How Brands That Use Images of Animals in Their Ads Can Help Preserve Biodiversity
In branding and marketing, animal imagery abounds: Lacoste’s crocodile, Bacardi’s bat, Geico’s gecko, Swarovski’s swan, Hermès’s horse, Cartier’s panther. In fact, according to the United Nations Development Programme (UNDP), animals appear in approximately 20 percent of all advertisements. These creatures, however, receive little to no support or compensation from those who profit from them in this way. Quite to the contrary, humans’ unrestricted exploitation of wildlife has created—in tandem with the climate crisis—a mounting biodiversity crisis, with 1 million animal and plant species at the precipice of extinction, and more than 700,000 square miles of natural habitat destroyed in just the past two decades. The increasing rate of extinction is extremely alarming: At stake are earth’s biological diversity and ecological balance.
In 2018, an initiative called The Lion’s Share was launched to give brands the opportunity to help remedy the situation. Founded by film director Christopher Nelius, film producer and director Rob Galluzzo, the UNDP, and food manufacturer Mars Inc., The Lion’s Share encourages companies and organizations that use images of animals—real, cartoon, computer-generated, or otherwise—in their marketing campaigns to donate .5 percent of their media spending to a fund. Together with the UNDP, The Lion’s Share then disburses the money across the world to support conservation efforts aimed at saving species from extinction, preserving wildlife habitats, and sustaining animal welfare. Some of the organization’s efforts to date include upgrading ranger communication in Mozambique’s Niassa National Reserve to prevent elephant poaching; restoring the last remaining rainforest where tigers, elephants, rhinos, and orangutans coexist on the Indonesian island of Sumatra; co-financing the construction of Australia’s largest mobile wildlife hospital in response to the country’s devastating bushfires; and supporting nest protectors in Sri Lanka, where five out of seven turtle species come ashore to lay their eggs.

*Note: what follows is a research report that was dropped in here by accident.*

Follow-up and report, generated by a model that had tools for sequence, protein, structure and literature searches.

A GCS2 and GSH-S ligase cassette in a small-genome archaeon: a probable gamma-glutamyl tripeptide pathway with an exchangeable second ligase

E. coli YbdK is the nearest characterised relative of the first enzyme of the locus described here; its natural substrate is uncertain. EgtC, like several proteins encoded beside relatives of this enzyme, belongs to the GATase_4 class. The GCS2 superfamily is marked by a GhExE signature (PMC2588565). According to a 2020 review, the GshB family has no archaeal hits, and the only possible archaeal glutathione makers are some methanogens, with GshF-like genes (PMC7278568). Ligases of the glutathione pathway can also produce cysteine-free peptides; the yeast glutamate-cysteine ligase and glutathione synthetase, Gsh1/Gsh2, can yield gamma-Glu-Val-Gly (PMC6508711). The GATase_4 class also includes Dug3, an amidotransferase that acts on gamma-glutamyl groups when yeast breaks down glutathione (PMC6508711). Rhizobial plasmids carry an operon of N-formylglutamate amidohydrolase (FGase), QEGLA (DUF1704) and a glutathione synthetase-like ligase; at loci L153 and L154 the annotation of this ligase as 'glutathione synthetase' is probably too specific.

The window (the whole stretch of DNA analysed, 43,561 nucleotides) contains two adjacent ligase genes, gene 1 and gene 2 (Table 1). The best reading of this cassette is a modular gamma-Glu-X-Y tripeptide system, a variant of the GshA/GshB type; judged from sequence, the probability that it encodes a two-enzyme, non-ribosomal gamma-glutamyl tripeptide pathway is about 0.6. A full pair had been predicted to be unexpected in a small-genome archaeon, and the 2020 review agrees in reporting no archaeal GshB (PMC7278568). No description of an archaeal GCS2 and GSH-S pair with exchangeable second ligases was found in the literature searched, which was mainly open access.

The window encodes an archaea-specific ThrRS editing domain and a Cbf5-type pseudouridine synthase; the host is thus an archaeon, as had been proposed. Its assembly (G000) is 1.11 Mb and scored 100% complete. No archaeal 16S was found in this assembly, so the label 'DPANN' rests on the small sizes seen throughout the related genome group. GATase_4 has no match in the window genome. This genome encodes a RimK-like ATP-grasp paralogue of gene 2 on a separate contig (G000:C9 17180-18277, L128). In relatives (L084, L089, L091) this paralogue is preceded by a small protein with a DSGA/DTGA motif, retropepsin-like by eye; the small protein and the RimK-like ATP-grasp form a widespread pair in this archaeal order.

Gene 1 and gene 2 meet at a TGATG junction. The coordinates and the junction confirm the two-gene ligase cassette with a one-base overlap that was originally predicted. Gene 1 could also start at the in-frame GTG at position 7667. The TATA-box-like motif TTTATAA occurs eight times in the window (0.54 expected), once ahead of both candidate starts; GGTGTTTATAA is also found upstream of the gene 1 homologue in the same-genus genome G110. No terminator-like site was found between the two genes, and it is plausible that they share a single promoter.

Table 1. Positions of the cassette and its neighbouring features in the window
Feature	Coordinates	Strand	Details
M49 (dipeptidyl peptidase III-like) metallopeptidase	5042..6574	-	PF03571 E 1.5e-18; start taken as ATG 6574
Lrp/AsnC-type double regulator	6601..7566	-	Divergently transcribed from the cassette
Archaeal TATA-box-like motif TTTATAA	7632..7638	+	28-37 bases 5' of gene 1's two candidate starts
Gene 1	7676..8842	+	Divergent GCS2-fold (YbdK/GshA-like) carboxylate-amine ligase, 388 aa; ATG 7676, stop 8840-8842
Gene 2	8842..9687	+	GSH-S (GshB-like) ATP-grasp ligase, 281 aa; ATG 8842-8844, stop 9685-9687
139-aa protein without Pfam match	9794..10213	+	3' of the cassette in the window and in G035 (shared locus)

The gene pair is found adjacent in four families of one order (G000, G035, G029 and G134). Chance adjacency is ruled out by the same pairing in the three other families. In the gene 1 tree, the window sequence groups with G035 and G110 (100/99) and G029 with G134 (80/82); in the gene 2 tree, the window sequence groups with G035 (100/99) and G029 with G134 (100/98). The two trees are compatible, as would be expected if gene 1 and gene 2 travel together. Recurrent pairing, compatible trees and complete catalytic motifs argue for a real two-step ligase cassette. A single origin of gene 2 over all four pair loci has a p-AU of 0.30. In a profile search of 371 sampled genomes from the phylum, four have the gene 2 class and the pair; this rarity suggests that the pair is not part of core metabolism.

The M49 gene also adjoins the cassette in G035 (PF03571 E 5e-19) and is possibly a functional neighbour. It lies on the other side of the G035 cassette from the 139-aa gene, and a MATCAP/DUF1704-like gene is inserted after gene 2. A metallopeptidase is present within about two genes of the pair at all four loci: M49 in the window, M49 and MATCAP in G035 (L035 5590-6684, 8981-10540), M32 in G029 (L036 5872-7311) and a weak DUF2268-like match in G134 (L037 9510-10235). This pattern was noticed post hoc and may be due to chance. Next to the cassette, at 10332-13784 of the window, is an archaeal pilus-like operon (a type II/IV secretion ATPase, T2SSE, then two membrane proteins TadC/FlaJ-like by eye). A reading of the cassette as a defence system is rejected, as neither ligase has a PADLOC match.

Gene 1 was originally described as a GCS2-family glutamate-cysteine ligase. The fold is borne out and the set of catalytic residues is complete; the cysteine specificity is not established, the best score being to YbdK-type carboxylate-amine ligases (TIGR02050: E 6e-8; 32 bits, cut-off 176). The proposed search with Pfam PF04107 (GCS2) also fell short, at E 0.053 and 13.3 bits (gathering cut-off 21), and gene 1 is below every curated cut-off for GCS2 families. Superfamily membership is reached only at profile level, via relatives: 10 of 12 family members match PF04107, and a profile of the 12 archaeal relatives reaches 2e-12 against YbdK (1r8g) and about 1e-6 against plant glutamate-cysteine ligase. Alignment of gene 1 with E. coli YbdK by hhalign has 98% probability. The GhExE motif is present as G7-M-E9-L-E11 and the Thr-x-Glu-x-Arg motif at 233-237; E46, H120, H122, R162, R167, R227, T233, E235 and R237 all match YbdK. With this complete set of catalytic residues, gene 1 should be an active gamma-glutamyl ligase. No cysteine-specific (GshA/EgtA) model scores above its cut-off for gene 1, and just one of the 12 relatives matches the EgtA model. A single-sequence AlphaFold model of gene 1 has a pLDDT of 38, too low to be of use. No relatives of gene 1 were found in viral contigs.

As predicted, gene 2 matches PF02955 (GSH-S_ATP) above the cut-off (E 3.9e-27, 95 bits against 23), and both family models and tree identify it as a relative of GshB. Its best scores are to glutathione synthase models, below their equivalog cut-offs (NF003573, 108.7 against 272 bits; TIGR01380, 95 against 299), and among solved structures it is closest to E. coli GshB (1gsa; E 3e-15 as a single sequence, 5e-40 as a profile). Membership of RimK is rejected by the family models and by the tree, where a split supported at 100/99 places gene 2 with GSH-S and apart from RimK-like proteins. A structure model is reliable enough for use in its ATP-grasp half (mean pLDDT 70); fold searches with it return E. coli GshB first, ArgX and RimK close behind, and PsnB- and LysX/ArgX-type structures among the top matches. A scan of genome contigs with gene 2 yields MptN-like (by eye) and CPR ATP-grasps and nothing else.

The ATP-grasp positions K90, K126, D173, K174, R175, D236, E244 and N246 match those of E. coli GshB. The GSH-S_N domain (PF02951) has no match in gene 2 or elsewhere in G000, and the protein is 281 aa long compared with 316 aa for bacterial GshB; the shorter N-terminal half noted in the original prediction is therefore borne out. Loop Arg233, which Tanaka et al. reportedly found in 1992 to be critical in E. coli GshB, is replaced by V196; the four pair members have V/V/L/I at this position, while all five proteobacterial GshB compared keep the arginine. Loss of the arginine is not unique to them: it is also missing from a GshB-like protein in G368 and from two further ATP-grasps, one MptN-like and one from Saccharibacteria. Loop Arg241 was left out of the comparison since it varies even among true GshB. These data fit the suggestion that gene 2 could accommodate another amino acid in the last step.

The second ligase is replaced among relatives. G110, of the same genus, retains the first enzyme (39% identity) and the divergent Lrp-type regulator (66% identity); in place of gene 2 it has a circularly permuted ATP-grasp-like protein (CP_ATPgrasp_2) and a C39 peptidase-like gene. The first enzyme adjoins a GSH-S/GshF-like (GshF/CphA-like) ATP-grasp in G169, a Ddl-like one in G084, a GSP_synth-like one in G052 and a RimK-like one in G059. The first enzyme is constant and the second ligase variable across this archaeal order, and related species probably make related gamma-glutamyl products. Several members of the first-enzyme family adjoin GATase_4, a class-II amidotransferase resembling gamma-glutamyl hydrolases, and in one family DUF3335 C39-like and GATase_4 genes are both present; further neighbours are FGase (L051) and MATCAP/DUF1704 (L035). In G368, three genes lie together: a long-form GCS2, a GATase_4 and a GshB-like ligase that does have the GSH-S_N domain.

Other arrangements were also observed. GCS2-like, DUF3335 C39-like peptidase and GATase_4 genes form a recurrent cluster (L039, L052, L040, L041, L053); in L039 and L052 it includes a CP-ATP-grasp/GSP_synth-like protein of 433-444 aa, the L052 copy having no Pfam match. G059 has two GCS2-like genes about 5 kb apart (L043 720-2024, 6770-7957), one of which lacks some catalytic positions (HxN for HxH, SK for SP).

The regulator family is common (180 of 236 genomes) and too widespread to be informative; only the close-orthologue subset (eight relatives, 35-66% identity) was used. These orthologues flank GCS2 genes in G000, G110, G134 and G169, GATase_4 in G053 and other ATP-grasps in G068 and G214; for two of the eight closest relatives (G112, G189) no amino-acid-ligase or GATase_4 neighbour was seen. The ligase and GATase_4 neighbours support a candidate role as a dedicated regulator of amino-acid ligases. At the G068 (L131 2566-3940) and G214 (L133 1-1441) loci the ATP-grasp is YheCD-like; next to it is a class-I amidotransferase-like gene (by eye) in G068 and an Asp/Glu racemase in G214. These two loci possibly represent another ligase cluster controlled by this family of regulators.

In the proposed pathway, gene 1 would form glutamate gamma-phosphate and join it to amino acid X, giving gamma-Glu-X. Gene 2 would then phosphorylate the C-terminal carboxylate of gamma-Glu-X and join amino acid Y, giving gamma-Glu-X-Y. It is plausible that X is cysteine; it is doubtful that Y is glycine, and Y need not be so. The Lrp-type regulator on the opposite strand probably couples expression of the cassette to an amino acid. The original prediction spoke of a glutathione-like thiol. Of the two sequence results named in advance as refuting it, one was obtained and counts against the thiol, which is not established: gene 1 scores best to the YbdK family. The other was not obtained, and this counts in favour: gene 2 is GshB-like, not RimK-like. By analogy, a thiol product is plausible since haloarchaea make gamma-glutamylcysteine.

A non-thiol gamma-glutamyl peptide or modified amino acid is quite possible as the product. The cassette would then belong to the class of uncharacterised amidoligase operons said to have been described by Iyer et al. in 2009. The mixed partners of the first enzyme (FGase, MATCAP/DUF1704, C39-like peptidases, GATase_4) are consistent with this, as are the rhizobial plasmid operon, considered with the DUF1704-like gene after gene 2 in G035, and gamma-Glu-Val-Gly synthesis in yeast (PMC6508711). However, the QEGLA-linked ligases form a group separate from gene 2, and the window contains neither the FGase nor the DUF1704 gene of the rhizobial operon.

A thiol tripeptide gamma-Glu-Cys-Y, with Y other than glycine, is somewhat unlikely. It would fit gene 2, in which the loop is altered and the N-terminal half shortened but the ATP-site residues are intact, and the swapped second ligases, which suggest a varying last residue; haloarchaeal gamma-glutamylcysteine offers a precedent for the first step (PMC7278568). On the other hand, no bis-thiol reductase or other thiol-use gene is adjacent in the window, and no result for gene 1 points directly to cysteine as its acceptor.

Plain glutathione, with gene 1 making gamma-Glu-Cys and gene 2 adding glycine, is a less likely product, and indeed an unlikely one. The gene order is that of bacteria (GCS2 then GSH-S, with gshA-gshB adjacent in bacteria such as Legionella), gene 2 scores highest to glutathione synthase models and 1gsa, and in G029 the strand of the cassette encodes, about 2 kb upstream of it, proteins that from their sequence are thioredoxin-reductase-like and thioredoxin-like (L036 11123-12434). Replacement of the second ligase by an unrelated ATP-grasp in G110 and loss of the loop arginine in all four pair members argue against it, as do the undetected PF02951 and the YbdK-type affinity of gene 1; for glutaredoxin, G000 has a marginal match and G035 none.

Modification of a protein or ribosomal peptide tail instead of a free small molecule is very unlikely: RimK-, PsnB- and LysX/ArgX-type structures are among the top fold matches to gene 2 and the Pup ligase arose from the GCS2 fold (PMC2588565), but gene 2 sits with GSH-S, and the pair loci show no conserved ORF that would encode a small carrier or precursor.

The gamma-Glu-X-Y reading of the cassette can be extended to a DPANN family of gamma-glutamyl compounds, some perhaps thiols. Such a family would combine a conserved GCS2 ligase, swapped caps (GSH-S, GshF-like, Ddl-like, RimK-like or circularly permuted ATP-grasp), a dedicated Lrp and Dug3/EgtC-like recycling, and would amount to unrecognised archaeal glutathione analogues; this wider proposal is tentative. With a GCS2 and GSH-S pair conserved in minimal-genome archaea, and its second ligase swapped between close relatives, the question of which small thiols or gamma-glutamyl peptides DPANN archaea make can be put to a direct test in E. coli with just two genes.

For its latest campaign, to launch this fall, The Lion’s Share created a photo-based project in collaboration with The Slowdown co-founder Andrew Zuckerman. Using pictures depicting children face to face with animals, Zuckerman made photographs for the project that eliminate the distance between humans and wildlife while bringing the next generation—who will be deprived of rich biodiversity unless urgent action is taken—to the fore. “When you stop looking at nature as ‘the other’ and start to consider it as a part of you, we can create an eye-to-eye relationship,” Zuckerman said on a panel at the IUCN World Conservation Congress earlier this month, which included members of both the UNDP and The Lion’s Share. “We need to create opportunities for companies and businesses and organizations to take action, and The Lion’s Share is an incredibly pragmatic way to do that.”
So far, The Lion’s Share has signed on about 20 major organizations—comprising more than 50 brands—including Cartier, Gucci, Madewell, The Economist, Dove, and Pedigree. Such enthusiasm reflects the reality that there is no excuse—and no time—for complacency, and that brands must take meaningful action. “We will be judged retroactively in the future: What have you done when you could have done something?” said Cartier’s president and CEO, Cyrille Vigneron, who also participated on the panel. “If not us, [then] who will do it? The call for action is clear.”